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Community members talk about a time when they were in the minority and stood their ground

by Aiden

Were you ever the odd one out?

By Amornrat Sidhu

Human beings have an innate desire to be accepted and understood by those around them, and this leads to both a conscious and subconscious journey called acculturation, the “assimilation to a different culture, typically the dominant one.” 

Social interactions with members of the majority help members in the minority benchmark how they should behave. Adjusting and mimicking the majority, be it a way of thinking, acting, or speaking, often helps them feel acknowledged and accepted, because when all members of a group think and act the same, this engenders a sense of “feeling right and being right.” 

However, we’ve all experienced points when we’ve been the odd one out, but didn’t want to assimilate. Have you ever been outmanned or outnumbered at some point in your life? Did you stand your ground and, thus, stand alone? Masala asked members of the community which way they travelled when they came to a crossroads within.

Keeping My Company Corporate

Nawal Thakral
Account Director at Insider, 27

While my brothers joined and enriched my parents’ businesses, I felt drawn to the excitement and independence corporate life offered. Thus, as the youngest of three siblings, it made sense for me to pursue a professional career instead of following in my brothers’ footsteps.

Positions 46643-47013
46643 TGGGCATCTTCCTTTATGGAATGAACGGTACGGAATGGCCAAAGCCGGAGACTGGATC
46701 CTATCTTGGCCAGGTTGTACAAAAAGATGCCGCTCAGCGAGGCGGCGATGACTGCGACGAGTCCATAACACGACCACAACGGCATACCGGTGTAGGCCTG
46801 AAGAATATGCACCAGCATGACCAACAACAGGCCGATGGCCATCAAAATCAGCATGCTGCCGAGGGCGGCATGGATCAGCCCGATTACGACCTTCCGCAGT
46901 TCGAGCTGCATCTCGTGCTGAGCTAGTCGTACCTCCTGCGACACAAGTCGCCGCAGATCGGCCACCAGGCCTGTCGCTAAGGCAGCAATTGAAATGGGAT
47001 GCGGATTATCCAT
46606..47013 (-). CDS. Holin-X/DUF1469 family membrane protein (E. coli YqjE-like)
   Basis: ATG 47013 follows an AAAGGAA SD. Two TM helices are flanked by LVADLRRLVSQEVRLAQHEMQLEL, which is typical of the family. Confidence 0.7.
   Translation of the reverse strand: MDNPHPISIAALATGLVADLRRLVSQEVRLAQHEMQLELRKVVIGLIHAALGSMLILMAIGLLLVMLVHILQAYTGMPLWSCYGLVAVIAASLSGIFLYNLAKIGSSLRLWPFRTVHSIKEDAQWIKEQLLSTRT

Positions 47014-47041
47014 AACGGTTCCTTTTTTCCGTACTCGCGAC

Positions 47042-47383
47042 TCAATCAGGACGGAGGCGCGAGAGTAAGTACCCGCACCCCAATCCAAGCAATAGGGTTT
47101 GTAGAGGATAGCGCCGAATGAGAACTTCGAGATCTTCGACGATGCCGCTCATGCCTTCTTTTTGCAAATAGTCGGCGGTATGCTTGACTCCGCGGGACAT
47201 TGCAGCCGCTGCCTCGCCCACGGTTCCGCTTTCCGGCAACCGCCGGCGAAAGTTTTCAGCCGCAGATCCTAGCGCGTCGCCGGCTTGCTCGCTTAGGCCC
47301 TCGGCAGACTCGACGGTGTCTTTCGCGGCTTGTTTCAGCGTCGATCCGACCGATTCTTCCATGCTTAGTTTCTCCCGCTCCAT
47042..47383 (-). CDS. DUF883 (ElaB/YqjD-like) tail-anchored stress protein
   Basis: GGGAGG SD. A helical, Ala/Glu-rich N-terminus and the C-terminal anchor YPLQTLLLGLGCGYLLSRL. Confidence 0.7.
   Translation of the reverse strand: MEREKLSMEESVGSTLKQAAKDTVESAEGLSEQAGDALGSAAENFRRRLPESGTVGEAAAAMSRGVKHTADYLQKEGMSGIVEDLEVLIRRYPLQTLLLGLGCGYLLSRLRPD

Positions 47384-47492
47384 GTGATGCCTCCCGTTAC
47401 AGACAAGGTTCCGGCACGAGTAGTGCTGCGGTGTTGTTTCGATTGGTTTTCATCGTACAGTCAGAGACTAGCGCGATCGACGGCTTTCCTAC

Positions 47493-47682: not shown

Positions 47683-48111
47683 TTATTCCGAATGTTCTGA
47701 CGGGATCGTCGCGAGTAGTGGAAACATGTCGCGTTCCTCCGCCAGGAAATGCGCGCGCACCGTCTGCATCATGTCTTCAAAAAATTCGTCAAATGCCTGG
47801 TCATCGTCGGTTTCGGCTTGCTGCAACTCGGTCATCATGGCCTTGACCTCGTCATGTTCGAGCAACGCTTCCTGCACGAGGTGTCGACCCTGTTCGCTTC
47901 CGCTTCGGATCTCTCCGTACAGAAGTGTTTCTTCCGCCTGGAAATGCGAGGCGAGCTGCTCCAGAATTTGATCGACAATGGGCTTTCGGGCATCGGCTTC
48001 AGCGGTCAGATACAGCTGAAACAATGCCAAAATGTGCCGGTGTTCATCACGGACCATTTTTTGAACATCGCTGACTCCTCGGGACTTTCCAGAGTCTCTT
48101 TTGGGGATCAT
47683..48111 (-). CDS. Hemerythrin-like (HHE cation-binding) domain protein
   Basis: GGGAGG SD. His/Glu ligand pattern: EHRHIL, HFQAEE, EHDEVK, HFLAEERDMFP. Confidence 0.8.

Most of our dinner conversations revolve around our family’s businesses. I am obviously not fully involved due to my choice to pursue a corporate career, and therefore am continuously trying to play catch-up. My family, however, always try to keep me in the loop, and I greatly appreciate it. 

While I am incredibly grateful for the investment of time and effort my family has put into the business, working in a corporate environment since the age of 21 has given me a sense of independence, accountability, and network that I value deeply.

Winter One-derland

Rashi Bhatnagar 
R&D Manager at Little Spoon, 31

During the Californian winters, my friends and I often drive to the mountains to enjoy a weekend getaway of snowboarding or skiing. Amongst this group, there are those of us who would rather stay back at the Airbnb and cook, relax in the hot tub, or stroll through town. I was part of the latter group. 

I was constantly picked on because of my fear of getting injured while “shredding the gnar.” At first, I felt like I really was missing out on something when I’d see Instagram stories of my friends at the après-ski. I’d stayed back with my book and glass of mulled wine, and my friends would never let me forget it.

Over the years, however, this solitude and me-time became my happy place. It took me 4-5 years of taking these trips to realise that it is perfectly okay for me to do what makes me happy despite my friends’ efforts to convince me otherwise.

Tabby and Me

Vishuka Mathur
Digital Marketing Manager, 24